Grassland

Selective Weed Control

Roundup can be used to control difficult weeds in existing grass leys where reseeding is impractical due to soil type or in environmentally sensitive areas. It is also ideal where restricted pasture or high stocking levels do not allow for the stock exclusion period required by selective broad-leaved herbicides. Applications are made using the weed wiping technique. Under Cross Compliance rules, (GAEC 11), there is also an obligation to prevent the spread of certain noxious and non-native invasive weeds. Spot treatment is allowed even within buffer zones where spraying would normally be allowed, such as field boundaries under GAEC 14. More detailed notes on spot treatment in paddocks and field borders are available.

Provided seeds have not matured, treated seeds will be killed ensuring minimum seed return.

Target weeds include:

  • Broad-leaved Dock
  • Curled Dock
  • Creeping Thistle
  • Spear Thistle
  • Bracken
  • Common Nettle
  • Ragwort

Stock Exclusion: Because of the high safety and environmental profile of Roundup, grassland with no poisonous weeds can be wiped and grazing animals returned as soon as the leaves are dry. This allows maximum utilisation of pasture and ease of pasture management.

In grassland with poisonous weeds, safe and effective control can be achieved by allowing 5 days undisturbed after wiping to allow herbicide to be translocated to the roots before cutting and removal of poisonous weeds. This way grazing can be resumed and weeds will not re-grow.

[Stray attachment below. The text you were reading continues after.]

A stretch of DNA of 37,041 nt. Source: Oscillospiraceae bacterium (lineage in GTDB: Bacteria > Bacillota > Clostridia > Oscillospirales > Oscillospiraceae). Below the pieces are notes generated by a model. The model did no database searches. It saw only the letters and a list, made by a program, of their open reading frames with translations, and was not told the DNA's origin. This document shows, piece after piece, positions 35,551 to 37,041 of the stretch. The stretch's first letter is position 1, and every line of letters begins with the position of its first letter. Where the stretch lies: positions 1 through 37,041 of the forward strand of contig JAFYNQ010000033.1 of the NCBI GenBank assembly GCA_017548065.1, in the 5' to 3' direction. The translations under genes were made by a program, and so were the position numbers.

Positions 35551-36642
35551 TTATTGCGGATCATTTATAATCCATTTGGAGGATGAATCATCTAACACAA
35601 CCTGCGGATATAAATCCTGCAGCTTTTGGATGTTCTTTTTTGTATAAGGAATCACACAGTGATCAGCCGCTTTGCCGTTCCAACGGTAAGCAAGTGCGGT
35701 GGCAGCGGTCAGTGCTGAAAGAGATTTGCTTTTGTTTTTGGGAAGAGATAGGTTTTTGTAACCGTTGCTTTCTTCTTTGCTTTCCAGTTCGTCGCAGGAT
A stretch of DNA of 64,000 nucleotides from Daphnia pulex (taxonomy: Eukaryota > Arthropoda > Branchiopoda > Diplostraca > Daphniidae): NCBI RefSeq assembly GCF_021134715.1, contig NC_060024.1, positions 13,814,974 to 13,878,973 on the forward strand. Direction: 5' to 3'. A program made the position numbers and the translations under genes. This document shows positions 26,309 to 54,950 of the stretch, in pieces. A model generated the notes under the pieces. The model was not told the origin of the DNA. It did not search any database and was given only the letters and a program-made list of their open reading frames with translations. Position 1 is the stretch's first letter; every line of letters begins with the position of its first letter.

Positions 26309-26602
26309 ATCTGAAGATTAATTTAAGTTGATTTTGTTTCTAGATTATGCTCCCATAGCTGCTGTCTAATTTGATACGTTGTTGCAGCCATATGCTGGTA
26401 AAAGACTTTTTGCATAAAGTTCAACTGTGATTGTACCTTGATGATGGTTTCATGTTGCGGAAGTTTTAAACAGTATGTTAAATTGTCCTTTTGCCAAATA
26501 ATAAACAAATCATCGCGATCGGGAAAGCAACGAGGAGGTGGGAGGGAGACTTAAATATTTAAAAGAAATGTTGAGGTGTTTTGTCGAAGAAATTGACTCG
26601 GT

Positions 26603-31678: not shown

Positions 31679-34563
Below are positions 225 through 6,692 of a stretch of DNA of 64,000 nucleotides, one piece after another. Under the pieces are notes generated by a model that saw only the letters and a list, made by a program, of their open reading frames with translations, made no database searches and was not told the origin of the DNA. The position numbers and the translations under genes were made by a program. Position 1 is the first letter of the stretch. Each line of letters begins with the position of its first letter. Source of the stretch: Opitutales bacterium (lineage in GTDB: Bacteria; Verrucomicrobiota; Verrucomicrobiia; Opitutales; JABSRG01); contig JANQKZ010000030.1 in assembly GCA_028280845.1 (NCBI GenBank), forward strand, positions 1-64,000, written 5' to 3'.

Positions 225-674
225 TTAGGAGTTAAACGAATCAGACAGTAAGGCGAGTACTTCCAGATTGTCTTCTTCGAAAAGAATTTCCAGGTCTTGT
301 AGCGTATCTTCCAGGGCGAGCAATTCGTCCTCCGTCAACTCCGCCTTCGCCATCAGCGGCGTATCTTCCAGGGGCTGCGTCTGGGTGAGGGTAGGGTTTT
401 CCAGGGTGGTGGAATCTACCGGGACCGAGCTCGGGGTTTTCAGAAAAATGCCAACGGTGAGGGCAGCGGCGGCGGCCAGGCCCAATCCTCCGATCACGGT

Caution:Treated poisonous weeds (including Ragwort, Hemlock, Water Dropwort and Bracken) must be removed or allowed to completely degenerate before re-grazing or conserving.

Grassland Renewal

As swards age the original grass mixture is out-competed and weeds begin to dominate. When re-seeding Roundup is widely used to ensure effective destruction of worn out grass leys and pastures, as it will completely kill deep-rooted grasses and perennial weeds. The clean start provided enables successful grass establishment and maximised grass production.

A newly sown sward gives much more flexibility in grassland management. New swards have a much longer growing season than old permanent grass, this is especially true for those based on current varieties of Italian Rye-grass or late growing Perennial Rye-grass varieties.

For more information on reseeding please refer to our Grassland Reseeding Checklist.

Caution: Direct drilling should not be carried out into treated long-term leys in the same autumn where there is any mat. Direct drilling can be carried out after 5 days on 1-2 year leys without mat. Where cultivations of any sort have taken place there are no restrictions on drilling. For further information please refer to the Best Practice section.